Neither the Department nor the MRC ring fence funds for expenditure on particular topic areas. Both organisations welcome applications for support into any aspect of human health and these are subject to peer review and judged in open competition. Implementation of the Departments research strategy Best Research for Best Health is introducing significant new funding opportunities through expansion in the number and size of our national research programmes.
Mr. Baron: To ask the Secretary of State for Health what representations she has received from Action Medical Research on concerns regarding the funding of medical research on premature birth; and what steps she is taking to address those concerns. 
Caroline Flint: The chief executive of Action Medical Research wrote to my right hon. Friend the Secretary of State on 21 December 2006 enclosing a petition calling for an increase in the public funding of research into premature birth. My noble Friend the Minister of State, Lord Hunt, replied on 29 January 2007.
Mr. Amess: To ask the Secretary of State for Health (1) what assessment she has made of the long-term impact on (a) health and (b) fertility of not reaching the target for the number of young people to be screened for chlamydia in 2006-07; 
The Chief Medical Officers (CMOs) expert Advisory Group on chlamydia trachomatis was set up in November 1996 to advise on the issues associated with screening for genital chlamydial
infection. Its report, published in 1998, concluded that screening and effective management of chlamydial infection would result in considerable health benefit. The annual cost of chlamydia and its consequences in the United Kingdom is estimated to be more than £100 million. We are not aware of any updates on this estimate.
As a result of the findings in this report a phased multi-faceted opportunistic strategy began in England in April 2003. Mathematical modelling has since confirmed the effectiveness of this approach. Other countries which introduced screening activities before England have seen reductions in both the prevalence of chlamydia and its complications (pelvic infection rates and ectopic pregnancies) highlighting the huge potential of the national chlamydia screening programme on the sexual health of young people.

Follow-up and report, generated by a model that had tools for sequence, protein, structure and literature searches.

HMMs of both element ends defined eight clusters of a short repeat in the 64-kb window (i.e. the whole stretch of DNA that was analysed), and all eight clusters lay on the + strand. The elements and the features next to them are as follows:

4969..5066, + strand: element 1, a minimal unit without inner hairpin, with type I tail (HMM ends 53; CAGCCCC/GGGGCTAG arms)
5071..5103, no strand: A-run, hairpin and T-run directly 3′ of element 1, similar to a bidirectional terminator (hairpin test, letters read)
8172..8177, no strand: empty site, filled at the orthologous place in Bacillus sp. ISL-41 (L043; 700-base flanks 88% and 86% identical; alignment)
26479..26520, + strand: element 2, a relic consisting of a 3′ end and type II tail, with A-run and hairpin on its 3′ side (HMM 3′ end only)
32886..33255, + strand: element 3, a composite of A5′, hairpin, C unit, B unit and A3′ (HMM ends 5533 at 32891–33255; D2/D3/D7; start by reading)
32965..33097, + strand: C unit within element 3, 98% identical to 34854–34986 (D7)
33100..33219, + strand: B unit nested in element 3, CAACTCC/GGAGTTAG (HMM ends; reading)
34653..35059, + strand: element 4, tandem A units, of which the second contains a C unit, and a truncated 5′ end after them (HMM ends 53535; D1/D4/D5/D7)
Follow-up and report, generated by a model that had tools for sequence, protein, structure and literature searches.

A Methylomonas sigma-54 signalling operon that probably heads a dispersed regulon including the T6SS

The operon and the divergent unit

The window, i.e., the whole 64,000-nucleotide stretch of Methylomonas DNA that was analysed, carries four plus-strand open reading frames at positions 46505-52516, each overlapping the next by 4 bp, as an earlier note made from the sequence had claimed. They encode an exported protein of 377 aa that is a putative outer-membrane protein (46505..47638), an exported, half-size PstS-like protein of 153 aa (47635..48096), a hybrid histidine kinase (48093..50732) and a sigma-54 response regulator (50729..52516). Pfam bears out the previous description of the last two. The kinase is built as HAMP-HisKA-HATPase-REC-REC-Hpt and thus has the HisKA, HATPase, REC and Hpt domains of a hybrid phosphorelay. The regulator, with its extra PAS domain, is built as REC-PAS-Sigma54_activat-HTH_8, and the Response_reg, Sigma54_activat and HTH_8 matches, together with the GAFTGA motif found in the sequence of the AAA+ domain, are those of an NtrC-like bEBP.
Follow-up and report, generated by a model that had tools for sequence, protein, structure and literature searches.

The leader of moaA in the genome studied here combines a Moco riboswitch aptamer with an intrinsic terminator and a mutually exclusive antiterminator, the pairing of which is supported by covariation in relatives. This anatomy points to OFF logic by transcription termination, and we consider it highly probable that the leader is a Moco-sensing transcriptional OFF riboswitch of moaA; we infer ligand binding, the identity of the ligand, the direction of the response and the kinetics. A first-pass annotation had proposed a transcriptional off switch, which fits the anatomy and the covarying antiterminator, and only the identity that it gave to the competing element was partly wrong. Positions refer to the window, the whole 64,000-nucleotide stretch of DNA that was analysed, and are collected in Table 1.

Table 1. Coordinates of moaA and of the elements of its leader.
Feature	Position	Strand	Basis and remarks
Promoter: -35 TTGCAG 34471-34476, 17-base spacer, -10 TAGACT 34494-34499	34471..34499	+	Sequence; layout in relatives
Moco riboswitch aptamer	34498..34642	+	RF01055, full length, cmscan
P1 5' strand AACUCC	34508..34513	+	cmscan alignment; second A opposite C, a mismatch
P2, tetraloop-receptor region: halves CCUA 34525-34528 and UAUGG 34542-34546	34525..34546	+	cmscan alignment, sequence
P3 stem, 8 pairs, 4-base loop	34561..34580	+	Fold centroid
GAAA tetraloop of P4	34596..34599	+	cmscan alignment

No target has been set for chlamydia screening in 2006-07. For the first time a local delivery plan target has been introduced for 2007-08. Strategic health authorities have submitted plans to screen at least 15 per cent. of their population aged 15-24 by March 2008.
David Lepper: To ask the Secretary of State for Health what assessment her Department has made of the likely effects of implementation of the draft guidance produced by the National Institute for Health and Clinical Excellence on the effective treatment of myalgic encephalomyelitis/chronic fatigue syndrome; and what representations she has received on the draft guidance. 
Caroline Flint: The National Institute for Health and Clinical Excellence (NICE) is currently working to produce clinical guidance on chronic fatigue syndrome/myalgic encephalomyelitis (CFS/ME). It is expected that this guidance will be published in August 2007. It would be inappropriate to make an assessment on the effect of implementation until the guidance is finalised.
The Department frequently receives representations from individuals and groups with an interest in CFS/ME. As the Department is not responsible for the content of the clinical guidance, correspondents mentioning the guidance are made aware of the consultation process organised by NICE.
Mr. Amess: To ask the Secretary of State for Health whether there is a legal requirement on pharmacists to sell emergency hormonal contraception on request to patients under the age of 16 years on request; and if she will make a statement. 
Caroline Flint: There is no legal requirement on pharmacists to sell emergency hormonal contraception (EHC) to women under 16 years of age. It is only licensed as a pharmacy medicine for women aged 16 and over.
However, women under 16 can obtain EHC through a prescription written by a qualified prescriber. It can also be supplied through a patient group direction to
women under 16 years of age provided this is specified in a patient group direction, signed off by a senior doctor and pharmacist.